</xs:sequence>
        </xs:complexType>
    </xs:element>
</xs:schema>

This is a UML representation of the generated code, note that there are 3 string properties (FirstChild, SecondChild & ThirdChild) corresponding with the child elements within ParentSeq.

// create an instance of the class to load the XML file into
SequenceLib.ParentSeq elm = new SequenceLib.ParentSeq();

// Set data into element
elm.ThirdChild = "Some Data 3";
elm.FirstChild = "Some Data 1";
elm.SecondChild = "Some Data 2";

// Lets see what we've got
Trace.WriteLine(elm.ToXml());
<?xml version="1.0"?>
<!--Created by Liquid XML Data Binding Libraries (www.liquid-technologies.com)-->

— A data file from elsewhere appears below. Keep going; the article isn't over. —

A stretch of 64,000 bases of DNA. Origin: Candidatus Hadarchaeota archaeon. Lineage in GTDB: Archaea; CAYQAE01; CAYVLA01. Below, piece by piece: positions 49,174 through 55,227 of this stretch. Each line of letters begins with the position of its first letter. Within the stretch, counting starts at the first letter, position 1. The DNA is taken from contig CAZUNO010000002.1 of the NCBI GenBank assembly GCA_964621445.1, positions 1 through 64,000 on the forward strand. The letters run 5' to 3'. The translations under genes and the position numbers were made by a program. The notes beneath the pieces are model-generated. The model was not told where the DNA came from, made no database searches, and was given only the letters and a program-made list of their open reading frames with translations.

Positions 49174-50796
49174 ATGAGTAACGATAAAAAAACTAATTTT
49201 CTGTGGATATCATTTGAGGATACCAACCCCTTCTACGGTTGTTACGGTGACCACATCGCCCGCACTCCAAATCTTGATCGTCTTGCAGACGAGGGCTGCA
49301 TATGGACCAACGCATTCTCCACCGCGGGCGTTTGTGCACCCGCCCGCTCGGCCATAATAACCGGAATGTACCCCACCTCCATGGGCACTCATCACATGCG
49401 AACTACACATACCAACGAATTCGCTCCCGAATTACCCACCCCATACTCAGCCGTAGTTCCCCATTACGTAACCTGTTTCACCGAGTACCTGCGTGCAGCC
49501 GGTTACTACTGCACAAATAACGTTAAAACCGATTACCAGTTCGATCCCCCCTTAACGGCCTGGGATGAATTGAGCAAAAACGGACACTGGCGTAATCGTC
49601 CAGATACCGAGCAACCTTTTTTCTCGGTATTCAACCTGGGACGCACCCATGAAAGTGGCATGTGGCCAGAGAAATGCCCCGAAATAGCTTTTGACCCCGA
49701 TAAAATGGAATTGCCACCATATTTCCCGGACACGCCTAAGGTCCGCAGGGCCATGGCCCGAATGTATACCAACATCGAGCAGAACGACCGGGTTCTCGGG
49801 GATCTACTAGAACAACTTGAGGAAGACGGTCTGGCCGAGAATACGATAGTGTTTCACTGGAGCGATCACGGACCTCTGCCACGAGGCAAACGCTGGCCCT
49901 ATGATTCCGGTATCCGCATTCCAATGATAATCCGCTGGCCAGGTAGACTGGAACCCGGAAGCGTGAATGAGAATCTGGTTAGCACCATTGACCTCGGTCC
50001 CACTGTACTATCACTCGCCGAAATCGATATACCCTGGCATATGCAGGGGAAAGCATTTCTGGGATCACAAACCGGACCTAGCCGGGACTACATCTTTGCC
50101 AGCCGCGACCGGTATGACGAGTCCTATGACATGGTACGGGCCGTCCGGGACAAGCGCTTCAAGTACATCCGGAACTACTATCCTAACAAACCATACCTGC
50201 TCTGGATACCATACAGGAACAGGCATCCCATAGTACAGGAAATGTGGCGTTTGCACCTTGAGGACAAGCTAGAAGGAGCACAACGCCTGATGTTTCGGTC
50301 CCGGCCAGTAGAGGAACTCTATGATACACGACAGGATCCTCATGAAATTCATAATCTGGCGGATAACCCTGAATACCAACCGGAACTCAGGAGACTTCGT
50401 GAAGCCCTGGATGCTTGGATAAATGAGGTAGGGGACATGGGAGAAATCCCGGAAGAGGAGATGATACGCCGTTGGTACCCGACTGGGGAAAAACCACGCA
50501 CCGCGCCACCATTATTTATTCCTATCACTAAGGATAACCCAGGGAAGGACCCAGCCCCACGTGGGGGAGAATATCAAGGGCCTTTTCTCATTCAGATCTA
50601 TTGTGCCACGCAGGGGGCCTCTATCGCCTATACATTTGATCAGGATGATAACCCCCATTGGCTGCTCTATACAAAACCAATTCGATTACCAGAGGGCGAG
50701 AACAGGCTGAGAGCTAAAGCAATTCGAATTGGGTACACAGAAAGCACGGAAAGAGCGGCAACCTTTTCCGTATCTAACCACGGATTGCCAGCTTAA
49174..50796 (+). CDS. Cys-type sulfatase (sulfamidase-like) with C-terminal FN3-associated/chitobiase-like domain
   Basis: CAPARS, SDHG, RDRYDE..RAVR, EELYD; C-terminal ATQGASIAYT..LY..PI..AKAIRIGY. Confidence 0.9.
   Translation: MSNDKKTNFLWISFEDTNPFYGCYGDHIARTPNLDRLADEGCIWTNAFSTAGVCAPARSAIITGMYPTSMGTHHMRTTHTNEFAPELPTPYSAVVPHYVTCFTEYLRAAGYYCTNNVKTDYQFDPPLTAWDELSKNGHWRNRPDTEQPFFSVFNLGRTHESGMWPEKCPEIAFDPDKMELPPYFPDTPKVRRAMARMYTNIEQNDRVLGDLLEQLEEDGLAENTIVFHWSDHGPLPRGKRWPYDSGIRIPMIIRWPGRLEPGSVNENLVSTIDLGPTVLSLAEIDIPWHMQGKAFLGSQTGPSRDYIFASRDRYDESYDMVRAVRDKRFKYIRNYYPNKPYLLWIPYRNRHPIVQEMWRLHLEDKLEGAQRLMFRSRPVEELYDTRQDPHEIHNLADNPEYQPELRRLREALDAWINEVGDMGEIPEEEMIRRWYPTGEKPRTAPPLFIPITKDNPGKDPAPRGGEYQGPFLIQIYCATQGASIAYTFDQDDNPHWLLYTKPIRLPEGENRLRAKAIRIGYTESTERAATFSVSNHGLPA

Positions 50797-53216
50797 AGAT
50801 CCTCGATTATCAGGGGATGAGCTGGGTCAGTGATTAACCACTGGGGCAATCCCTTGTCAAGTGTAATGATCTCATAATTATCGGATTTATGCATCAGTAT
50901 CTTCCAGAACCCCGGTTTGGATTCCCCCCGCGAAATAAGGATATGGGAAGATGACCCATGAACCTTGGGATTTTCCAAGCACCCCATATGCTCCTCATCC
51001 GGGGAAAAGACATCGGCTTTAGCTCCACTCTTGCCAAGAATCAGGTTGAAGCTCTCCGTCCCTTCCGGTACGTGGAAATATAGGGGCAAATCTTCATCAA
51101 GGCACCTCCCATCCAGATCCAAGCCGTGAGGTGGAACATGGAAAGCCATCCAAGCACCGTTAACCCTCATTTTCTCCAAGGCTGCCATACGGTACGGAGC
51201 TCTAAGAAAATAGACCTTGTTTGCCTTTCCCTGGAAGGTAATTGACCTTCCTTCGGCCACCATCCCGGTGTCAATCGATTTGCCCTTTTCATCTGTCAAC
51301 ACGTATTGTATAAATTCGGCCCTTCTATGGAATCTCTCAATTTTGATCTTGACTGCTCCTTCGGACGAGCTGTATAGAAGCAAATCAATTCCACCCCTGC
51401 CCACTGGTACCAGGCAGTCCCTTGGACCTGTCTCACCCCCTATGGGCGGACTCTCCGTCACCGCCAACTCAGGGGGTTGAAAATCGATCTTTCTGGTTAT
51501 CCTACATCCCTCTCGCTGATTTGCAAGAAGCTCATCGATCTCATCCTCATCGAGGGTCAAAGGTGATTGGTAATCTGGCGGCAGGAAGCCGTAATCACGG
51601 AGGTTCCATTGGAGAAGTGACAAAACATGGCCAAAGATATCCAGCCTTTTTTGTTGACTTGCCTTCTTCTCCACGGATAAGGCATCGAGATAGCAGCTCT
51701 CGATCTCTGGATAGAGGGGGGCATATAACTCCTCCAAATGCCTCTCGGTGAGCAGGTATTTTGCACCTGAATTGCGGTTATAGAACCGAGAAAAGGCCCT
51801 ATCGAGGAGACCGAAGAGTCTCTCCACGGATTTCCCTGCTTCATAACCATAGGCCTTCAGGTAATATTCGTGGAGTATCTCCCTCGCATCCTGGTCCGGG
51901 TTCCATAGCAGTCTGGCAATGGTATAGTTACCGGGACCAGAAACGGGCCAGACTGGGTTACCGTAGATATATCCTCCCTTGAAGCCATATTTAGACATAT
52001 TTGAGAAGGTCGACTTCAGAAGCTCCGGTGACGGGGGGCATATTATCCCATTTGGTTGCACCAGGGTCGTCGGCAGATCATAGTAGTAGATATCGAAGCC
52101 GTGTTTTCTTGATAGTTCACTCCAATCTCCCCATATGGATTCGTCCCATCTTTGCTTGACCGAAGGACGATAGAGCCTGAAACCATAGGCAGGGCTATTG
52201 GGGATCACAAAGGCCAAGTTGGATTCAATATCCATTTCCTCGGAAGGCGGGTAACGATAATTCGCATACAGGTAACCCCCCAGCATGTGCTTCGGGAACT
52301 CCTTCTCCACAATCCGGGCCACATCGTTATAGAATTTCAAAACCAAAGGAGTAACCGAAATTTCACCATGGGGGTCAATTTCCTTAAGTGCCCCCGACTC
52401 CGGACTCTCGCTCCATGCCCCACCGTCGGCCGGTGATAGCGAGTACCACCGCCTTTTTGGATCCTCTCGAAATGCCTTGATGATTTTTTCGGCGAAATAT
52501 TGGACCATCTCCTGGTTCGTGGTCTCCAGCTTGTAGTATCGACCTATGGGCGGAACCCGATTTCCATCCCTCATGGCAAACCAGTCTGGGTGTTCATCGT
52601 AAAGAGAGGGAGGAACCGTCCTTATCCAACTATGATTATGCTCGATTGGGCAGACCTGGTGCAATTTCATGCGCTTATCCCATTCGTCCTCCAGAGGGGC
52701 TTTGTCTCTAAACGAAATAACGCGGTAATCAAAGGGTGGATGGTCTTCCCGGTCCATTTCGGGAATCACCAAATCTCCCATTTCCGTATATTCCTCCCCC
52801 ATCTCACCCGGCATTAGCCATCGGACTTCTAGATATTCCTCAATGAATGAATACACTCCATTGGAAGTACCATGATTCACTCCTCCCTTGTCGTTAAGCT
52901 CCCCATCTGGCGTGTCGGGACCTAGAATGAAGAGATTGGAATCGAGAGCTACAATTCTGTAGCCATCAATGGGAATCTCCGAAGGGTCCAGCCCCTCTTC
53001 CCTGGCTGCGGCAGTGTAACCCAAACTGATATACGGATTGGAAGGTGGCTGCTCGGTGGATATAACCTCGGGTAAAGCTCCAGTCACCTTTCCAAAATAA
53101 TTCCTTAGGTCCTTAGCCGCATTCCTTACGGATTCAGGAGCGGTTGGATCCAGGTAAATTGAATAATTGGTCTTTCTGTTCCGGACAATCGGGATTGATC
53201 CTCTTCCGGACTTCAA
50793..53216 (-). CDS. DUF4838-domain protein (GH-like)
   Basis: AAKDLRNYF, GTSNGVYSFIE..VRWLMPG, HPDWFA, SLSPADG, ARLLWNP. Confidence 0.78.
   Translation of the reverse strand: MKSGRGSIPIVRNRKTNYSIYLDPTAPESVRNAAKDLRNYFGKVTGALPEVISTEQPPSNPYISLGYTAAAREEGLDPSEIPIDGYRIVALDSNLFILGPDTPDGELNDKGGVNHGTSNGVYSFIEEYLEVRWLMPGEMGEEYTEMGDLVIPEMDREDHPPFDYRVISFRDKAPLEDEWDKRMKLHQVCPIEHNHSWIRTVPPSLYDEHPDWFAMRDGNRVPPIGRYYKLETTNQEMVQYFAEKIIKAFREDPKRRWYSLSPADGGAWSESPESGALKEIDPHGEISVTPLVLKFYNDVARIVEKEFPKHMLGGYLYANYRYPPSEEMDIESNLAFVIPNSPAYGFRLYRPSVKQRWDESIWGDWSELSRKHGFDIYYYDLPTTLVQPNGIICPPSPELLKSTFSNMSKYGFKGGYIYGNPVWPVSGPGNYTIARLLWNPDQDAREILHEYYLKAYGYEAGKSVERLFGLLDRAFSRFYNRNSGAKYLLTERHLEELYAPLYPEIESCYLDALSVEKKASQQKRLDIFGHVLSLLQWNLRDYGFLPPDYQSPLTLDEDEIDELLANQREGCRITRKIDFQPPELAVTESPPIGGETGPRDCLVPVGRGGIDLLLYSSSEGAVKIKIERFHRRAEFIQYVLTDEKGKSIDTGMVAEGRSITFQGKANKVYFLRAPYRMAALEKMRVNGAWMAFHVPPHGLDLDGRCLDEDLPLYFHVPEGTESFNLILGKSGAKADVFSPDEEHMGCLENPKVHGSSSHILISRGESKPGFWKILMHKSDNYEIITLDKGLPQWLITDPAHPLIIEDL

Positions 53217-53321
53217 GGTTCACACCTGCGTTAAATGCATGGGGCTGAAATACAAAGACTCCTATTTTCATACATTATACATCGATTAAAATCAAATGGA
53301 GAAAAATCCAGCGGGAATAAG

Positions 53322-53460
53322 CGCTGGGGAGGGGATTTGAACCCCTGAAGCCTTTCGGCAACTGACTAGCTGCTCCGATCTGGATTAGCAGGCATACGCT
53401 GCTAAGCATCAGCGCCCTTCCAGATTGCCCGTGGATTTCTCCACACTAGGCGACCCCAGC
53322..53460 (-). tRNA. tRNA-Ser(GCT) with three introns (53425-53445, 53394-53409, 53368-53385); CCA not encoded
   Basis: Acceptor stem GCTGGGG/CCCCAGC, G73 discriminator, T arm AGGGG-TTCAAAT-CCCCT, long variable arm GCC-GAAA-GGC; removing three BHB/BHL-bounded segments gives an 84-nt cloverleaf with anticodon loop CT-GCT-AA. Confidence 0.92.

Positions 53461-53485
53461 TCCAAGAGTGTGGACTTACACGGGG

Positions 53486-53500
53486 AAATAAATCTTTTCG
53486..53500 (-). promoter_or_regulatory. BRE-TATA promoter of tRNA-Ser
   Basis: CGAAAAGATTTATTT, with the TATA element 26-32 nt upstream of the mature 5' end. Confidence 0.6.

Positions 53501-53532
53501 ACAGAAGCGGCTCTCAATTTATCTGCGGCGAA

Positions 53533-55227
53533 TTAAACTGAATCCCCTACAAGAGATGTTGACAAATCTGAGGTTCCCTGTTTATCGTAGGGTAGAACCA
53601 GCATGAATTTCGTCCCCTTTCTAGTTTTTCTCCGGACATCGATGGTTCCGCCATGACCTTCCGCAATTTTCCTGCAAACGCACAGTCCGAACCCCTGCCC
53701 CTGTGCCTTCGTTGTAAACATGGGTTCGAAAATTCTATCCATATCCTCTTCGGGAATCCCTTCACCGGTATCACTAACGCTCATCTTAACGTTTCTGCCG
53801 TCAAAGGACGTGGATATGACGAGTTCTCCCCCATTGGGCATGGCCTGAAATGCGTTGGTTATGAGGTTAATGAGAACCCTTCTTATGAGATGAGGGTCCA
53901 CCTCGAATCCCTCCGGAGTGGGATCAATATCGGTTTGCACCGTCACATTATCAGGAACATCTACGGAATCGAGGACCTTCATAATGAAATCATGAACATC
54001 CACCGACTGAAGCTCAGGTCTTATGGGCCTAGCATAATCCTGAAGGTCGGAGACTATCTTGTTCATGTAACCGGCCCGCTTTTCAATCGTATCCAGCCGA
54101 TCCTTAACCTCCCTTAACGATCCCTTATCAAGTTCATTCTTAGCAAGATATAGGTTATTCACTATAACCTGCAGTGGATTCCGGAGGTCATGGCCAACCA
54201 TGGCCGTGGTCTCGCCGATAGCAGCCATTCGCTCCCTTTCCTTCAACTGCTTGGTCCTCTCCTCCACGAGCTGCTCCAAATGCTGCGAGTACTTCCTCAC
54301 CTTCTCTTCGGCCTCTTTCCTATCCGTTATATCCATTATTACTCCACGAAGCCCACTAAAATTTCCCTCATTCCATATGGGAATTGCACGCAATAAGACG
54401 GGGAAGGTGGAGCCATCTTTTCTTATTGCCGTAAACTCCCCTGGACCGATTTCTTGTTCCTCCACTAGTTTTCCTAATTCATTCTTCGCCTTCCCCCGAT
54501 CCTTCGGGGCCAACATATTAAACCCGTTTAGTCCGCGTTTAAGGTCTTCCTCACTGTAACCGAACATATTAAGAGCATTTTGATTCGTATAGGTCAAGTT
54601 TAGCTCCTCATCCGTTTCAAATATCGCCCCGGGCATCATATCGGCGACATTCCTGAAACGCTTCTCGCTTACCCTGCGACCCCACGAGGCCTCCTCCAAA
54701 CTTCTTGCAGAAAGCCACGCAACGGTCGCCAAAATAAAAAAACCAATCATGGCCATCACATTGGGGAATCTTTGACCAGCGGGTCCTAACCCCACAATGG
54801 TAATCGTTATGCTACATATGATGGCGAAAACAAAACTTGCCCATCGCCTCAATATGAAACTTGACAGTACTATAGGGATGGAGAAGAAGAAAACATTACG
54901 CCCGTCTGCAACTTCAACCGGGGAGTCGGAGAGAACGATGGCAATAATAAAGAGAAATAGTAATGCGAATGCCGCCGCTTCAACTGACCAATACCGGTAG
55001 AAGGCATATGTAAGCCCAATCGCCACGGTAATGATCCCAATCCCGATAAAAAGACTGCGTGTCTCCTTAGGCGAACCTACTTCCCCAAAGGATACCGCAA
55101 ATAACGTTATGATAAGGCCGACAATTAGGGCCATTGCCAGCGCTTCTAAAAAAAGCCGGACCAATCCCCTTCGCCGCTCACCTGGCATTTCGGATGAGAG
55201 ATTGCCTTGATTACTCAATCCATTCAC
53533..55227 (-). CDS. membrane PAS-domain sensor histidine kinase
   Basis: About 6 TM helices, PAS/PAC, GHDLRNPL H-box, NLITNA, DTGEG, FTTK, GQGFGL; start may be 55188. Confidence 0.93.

<ParentSeq xmlns:xs="http://www.w3.org/2001/XMLSchema-instance">
    <FirstChild>Some Data 1</FirstChild>
    <SecondChild>Some Data 2</SecondChild>
    <ThirdChild>Some Data 3</ThirdChild>
</ParentSeq>

Notes

It does not matter the order in which the child elements are set they will appear in the output XML correctly.
If the child elements are not in the correct order when an XML file is read in, then an exception is raised.
The element all works in the same way as sequence, the elements are written out in the order they where defined, but when they are read in they can be in any order.


Choice

A choice describes an element, and defines that only one of the child elements can appear.


<?xml version="1.0" encoding="UTF-8"?>
<xs:schema xmlns:xs="http://www.w3.org/2001/XMLSchema" elementFormDefault="qualified" attributeFormDefault="unqualified">